Ivan loved kids. Many a time he said, "I think God took my leg off and put me in a wheelchair so I would be on the same level as they are. When I was 6' tall they couldn't see anything but my knees." Kids would often come up to him and ask him about his leg. Many mothers were horrified, but he always told them to let the kids be curious, as that was the way they would learn things. The incision mark on his leg (just below the knee) was about 2 inches up. He would ask them if they wanted to see it. If they did, he would pull his pants leg up, take a marker out of his pocket and draw two little eyes and a nose to match the mouth that was already there, and it would become a puppet that he used to tell the kids about eating properly, making other kids that were "different" feel good about themselves, etc. It became his teaching tool.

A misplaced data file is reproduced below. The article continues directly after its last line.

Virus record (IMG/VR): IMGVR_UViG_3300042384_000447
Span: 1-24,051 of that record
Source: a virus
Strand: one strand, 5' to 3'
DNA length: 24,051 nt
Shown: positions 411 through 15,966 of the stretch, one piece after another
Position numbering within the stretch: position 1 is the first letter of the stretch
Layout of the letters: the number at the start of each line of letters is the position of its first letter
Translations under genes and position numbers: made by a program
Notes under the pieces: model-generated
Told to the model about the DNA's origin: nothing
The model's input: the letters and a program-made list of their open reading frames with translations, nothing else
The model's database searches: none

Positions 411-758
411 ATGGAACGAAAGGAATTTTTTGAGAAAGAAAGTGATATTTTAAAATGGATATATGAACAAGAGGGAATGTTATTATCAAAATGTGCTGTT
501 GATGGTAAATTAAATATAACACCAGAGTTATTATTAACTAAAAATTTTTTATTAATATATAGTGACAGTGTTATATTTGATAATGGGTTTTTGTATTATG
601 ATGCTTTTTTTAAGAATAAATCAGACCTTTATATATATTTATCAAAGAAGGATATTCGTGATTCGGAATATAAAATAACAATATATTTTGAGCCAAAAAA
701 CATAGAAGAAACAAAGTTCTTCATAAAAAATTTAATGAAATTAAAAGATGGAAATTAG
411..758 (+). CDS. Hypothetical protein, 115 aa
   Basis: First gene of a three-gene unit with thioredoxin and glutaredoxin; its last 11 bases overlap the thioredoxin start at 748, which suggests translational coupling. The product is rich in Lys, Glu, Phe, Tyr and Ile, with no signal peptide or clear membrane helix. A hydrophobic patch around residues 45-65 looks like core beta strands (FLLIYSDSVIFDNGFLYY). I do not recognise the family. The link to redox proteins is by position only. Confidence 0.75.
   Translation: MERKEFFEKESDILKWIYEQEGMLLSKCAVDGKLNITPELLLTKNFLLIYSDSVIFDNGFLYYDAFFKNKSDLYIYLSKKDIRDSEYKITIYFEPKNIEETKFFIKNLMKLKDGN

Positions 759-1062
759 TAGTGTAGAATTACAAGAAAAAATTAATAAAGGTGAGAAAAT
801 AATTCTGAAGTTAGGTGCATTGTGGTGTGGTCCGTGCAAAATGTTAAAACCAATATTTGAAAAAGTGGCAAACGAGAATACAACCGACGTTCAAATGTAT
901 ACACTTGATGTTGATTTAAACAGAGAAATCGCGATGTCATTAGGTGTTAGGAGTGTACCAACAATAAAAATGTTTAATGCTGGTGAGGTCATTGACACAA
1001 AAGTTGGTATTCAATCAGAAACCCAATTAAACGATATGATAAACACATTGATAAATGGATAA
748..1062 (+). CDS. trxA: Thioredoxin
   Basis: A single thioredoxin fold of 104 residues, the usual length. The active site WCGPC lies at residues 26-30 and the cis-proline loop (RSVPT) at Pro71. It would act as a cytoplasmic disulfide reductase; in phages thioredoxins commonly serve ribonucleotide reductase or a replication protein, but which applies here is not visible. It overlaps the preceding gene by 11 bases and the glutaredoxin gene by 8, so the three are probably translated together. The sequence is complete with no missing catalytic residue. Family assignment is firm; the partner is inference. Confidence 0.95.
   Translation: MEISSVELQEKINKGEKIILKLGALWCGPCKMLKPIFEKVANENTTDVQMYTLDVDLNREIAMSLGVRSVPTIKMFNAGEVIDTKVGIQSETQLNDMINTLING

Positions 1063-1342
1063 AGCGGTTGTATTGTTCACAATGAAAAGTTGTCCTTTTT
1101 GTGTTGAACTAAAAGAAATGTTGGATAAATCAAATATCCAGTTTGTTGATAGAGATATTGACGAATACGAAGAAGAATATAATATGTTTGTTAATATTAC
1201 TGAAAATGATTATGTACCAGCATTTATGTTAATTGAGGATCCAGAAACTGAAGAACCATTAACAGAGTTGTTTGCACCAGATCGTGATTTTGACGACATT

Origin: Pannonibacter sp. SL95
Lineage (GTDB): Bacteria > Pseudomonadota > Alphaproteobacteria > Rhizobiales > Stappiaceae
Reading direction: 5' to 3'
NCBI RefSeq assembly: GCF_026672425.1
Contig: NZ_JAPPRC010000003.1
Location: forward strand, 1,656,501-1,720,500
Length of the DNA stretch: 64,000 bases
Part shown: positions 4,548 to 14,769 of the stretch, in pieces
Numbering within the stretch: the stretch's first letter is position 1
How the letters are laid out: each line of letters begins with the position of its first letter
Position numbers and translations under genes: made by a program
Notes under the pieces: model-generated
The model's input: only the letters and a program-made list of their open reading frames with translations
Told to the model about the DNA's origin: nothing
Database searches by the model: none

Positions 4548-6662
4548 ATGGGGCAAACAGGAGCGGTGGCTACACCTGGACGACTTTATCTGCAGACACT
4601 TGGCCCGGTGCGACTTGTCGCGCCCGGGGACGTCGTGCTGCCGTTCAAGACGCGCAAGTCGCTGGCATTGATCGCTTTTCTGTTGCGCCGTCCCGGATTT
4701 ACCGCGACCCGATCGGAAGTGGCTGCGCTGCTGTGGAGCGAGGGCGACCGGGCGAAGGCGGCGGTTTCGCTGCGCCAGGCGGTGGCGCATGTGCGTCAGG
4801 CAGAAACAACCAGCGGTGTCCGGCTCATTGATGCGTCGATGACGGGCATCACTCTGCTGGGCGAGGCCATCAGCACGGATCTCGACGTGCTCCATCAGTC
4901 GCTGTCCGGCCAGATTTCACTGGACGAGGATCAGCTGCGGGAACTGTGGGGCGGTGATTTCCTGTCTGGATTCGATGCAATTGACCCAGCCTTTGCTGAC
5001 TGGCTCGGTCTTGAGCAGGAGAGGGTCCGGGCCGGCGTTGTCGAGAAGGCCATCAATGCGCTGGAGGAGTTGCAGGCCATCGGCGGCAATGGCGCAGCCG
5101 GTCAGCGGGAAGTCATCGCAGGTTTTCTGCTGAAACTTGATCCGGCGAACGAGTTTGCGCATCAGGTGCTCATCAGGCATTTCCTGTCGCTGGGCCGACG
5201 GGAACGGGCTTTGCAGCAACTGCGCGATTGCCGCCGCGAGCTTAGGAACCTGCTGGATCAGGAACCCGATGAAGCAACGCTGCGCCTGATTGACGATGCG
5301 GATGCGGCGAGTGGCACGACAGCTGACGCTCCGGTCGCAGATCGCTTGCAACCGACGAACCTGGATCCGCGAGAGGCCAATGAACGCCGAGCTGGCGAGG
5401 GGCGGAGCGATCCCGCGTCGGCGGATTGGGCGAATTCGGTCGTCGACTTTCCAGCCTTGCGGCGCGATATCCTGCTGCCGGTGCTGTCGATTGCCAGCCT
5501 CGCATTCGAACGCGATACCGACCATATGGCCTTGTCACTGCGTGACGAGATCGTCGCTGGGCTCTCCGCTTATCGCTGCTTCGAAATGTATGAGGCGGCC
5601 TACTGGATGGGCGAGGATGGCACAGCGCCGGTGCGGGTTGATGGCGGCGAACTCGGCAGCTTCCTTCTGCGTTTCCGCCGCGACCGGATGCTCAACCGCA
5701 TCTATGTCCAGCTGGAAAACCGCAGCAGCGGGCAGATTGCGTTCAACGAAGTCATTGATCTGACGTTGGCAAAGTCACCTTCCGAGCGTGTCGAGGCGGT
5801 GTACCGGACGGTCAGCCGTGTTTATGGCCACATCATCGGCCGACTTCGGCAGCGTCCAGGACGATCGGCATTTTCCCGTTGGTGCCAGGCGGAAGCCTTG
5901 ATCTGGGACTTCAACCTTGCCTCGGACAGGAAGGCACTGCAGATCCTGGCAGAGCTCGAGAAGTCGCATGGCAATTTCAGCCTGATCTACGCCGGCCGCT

Like Martin Luther King, Jr., Ivan had a dream. It was to establish a ministry of helps to reach troubled people in all walks of life. In 1971 he and I established Mission Socorro in Grand Forks, ND, after we returned from having spent 9 years as missionaries in Venezuela. During his life, we have helped literally thousands of families. He saw his dream realized. His idea of reaching others had its birth when he was in the Army. He was at Aberdeen Proving Grounds in Aberdeen, MD. He fell in love with that city, and he always regretted not having returned there at least for a visit after he came back from Korea, where he spent 2 years as an ammunitions specialist. While he was there, he met the Lord in a very personal way, and that relationship governed everything else he ever did. He notified the Army that he would go to Korea to help the country he loved in the Korean War, but that he would do so as a conscientious objector. He stood guard right near the front lines many nights, but he refused to put any ammo in his gun. He would turn both his clip and his gun over to the next man on duty. He always carried a pocket New Testament in his jacket pocket. Only once was he fired at and the New Testament stopped the bullet dead in its tracks and he was not hurt. He had that New Testament with the bullet still in it until the flood of 1997. It was in the storage shed we had out behind our mobile home, and he lost it. He cried. He said he hoped that if somebody found it in Winnipeg (the Red River here flows north), he hoped it would protect them.